Beyond my childhood, my family was not particularly religious. We would still pray and say grace before meals, but we never went to church, and we did not talk much about God. Throughout high school, I had a burning desire to know if there was a God. I had grown up with my best friend, who came from a religious family. They were members of The Church of Jesus Christ of Latter-day Saints and went to church every Sunday, prayed often, and went to many fun church events. I tagged along to many of these activities and always felt slightly envious of the security and community found in her church. I wanted something like that so badly. I wanted to feel understood and not alone.
But I did not feel anything when I went to my church. I would go through spurts where I would attend with my grandma, but I always felt awkward and out of place in those stiff wooden pews. When everyone closed their eyes in prayer, I could not help the aching in my gut as I watched everyone feel something I was not a part of.
I tried many different churches. I went to a Christian church that worshiped on Wednesday nights, religious summer camps, and Catholic services with friends. I can recall services I felt touched by and quiet moments that seemed to skim the surface of something extraordinary. But my spark of curiosity never ignited into a flame because I never felt like I fit in. It was like an unexplainable spiritual yearning that no church ever seemed to satisfy.
Overall, I had tried church. I had tried praying. I had tried and wanted with every part of my being something larger to believe in. But it was not happening. There were elements of so many different religions I respected and found beautiful! So many beliefs that sang to my heart. But at the end of the day, I could not feel what they felt.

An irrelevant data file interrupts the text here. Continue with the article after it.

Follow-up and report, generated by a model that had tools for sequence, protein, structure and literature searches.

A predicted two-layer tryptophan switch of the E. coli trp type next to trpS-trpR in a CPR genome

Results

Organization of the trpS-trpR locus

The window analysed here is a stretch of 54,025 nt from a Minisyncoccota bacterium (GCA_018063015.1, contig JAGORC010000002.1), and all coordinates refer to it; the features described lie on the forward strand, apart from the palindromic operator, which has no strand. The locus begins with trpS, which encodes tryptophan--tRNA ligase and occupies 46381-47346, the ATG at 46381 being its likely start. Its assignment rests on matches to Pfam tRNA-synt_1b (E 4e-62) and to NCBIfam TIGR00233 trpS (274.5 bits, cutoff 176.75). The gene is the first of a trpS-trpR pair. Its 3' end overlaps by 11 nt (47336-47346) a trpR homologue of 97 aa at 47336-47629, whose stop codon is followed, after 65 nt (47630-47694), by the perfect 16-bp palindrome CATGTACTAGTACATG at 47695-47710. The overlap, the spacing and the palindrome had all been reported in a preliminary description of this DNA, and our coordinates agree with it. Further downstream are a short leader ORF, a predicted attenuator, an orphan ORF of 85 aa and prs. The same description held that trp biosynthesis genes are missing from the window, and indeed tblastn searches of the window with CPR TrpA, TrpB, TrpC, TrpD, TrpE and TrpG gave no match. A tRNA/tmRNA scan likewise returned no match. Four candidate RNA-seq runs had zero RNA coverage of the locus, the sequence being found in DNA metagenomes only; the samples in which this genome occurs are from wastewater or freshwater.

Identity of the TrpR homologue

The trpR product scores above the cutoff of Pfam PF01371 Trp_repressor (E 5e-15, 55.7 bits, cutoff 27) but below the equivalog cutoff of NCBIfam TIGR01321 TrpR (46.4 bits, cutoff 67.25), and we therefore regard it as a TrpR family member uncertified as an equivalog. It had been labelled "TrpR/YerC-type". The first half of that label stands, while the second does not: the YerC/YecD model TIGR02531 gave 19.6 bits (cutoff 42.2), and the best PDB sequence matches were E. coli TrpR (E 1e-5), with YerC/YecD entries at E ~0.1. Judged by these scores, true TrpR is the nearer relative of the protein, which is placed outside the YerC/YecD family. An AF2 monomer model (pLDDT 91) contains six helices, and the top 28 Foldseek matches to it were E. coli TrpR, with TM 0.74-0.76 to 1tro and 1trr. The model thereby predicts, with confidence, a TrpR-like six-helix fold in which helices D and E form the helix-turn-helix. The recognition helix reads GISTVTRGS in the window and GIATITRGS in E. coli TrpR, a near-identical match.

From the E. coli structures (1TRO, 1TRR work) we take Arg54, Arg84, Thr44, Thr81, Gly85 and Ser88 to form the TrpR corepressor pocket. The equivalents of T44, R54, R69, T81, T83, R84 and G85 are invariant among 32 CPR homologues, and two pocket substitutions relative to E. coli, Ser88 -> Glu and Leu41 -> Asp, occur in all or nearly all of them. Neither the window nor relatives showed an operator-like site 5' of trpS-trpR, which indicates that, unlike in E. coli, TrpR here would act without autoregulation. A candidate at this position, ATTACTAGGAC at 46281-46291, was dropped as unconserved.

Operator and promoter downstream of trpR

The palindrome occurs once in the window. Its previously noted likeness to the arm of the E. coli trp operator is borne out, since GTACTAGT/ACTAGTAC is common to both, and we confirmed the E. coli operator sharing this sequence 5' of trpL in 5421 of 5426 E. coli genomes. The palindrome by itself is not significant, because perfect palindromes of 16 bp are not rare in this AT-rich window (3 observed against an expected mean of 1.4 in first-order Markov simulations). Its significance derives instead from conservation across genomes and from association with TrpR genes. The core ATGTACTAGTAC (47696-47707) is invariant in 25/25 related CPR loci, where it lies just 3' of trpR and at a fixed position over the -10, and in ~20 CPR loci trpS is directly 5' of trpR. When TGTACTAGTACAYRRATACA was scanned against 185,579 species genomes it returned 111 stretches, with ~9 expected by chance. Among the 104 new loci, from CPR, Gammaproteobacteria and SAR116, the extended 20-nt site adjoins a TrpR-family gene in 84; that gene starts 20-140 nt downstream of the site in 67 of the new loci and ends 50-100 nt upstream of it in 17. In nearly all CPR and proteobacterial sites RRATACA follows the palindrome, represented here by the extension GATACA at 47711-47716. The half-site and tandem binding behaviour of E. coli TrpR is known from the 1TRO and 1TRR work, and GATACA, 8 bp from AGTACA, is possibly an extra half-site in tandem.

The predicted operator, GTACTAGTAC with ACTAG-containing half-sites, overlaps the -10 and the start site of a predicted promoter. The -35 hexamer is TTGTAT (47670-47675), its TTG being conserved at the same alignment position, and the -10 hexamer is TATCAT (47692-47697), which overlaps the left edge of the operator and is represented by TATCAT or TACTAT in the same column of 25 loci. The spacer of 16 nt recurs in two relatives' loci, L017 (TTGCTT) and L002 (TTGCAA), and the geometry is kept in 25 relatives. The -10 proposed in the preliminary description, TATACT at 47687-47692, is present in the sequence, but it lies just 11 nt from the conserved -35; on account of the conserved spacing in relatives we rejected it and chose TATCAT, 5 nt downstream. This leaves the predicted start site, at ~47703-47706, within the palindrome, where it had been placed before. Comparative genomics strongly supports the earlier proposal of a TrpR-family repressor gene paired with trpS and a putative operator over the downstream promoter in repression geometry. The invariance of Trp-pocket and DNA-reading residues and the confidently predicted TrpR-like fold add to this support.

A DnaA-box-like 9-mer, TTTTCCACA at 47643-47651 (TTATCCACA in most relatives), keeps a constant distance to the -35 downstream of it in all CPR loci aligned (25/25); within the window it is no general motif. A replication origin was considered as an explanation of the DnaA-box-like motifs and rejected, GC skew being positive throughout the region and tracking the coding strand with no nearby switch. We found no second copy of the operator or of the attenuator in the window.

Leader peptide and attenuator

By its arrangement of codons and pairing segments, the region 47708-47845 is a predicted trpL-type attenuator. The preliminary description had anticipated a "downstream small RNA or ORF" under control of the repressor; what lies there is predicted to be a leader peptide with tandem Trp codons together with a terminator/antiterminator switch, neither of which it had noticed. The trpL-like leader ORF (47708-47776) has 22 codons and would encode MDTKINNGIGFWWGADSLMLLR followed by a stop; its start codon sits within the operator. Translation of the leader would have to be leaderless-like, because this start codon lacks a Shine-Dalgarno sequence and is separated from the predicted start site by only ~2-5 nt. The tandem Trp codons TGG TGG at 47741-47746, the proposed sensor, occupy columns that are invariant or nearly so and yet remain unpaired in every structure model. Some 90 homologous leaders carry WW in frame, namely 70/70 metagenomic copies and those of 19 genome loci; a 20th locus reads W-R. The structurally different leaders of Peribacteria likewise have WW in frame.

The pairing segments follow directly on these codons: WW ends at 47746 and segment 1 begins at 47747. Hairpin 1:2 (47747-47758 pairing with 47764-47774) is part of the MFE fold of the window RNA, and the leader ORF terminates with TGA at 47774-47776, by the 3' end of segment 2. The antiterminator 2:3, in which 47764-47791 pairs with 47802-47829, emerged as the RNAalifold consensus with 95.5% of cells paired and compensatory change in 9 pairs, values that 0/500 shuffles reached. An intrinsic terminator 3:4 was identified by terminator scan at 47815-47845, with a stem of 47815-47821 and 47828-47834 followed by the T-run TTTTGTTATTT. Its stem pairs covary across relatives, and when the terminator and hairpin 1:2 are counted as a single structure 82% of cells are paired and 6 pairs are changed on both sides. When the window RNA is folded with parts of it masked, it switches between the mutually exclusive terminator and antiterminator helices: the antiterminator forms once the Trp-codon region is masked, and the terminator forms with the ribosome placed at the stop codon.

So when my friend asked me to pray, I sighed with the same feeling of not belonging that had resided in me for many years. I told him I had tried. I explained to him some of my experiences.
He promised me that if I prayed to Jesus, I would receive an answer. That it was very important that I tried praying to Him.
Just pray that your heart is open to Jesus, he told me. He had so much confidence that I would receive some sort of answer, and I met his confidence with equal spite. How could Jesus help me when I did not even understand who He was?
I mostly started praying to prove him wrong, but there was a small seed of hope and curiosity within me; a small flicker of belief that perhaps something would happen. I started praying every night, at first halfheartedly.
But then I started pouring out my soul. I started praying deeply each night. I prayed not for my friend, but for me. I prayed not to prove anyone wrong, but genuinely for help. I truly opened my heart, hoping Jesus might be there.
And one night as I prayed deeply, the same prayer over and over, My heart is open to you Jesus, suddenly, a light erupted from behind my eyes.
Startled, I opened my eyes, believing someone had entered my room and turned on the lights. But to my amazement, the pallid white light was all I could see. I blinked my eyes, wondering if the light would dissipate, but it flooded unwavering throughout my whole room.
Suddenly, a door appeared directly in front of me. I watched the door open, and more light flooded brilliantly into my room. Beautiful tendrils of light cascaded out of this white door that had swung open quickly, as if the power of the light could not be kept inside for a second more. I felt amazement and wonder and love. The door opened almost as quickly as it had appeared.
The door slowly faded along with the white, golden light. I was left sitting upright in my bed, staring at my wall through the dark. Amazed and breathless, I slowly lay back down with a racing heart.
The image had penetrated itself into my heart and mind. There was no way I could pretend it did not happen and I knew it was not a dream. I had been wide awake when I saw it. Thoughts of wonder galloped through my head as I slowly drifted off to sleep.
The next day, I told a few people about my experience and it was lightly brushed off. But I knew. I knew I had received a vision. An unexplainable gift I did not yet understand but that would change the direction of my life forever.
And this was the moment my heart began to heal.
“Ask, and it shall be given onto you; seek, and ye shall find; knock, and it shall be opened onto you” (Mathew 7:7).
As a homegrown Portlandian feminist, Lauren Mckinnon sometimes wondered how she fit in as a new member of The Church of Jesus Christ of Latter-day Saints — but through her testimony and everyday experience, she realized that no matter how different we may feel, we all belong in Jesus’ flock.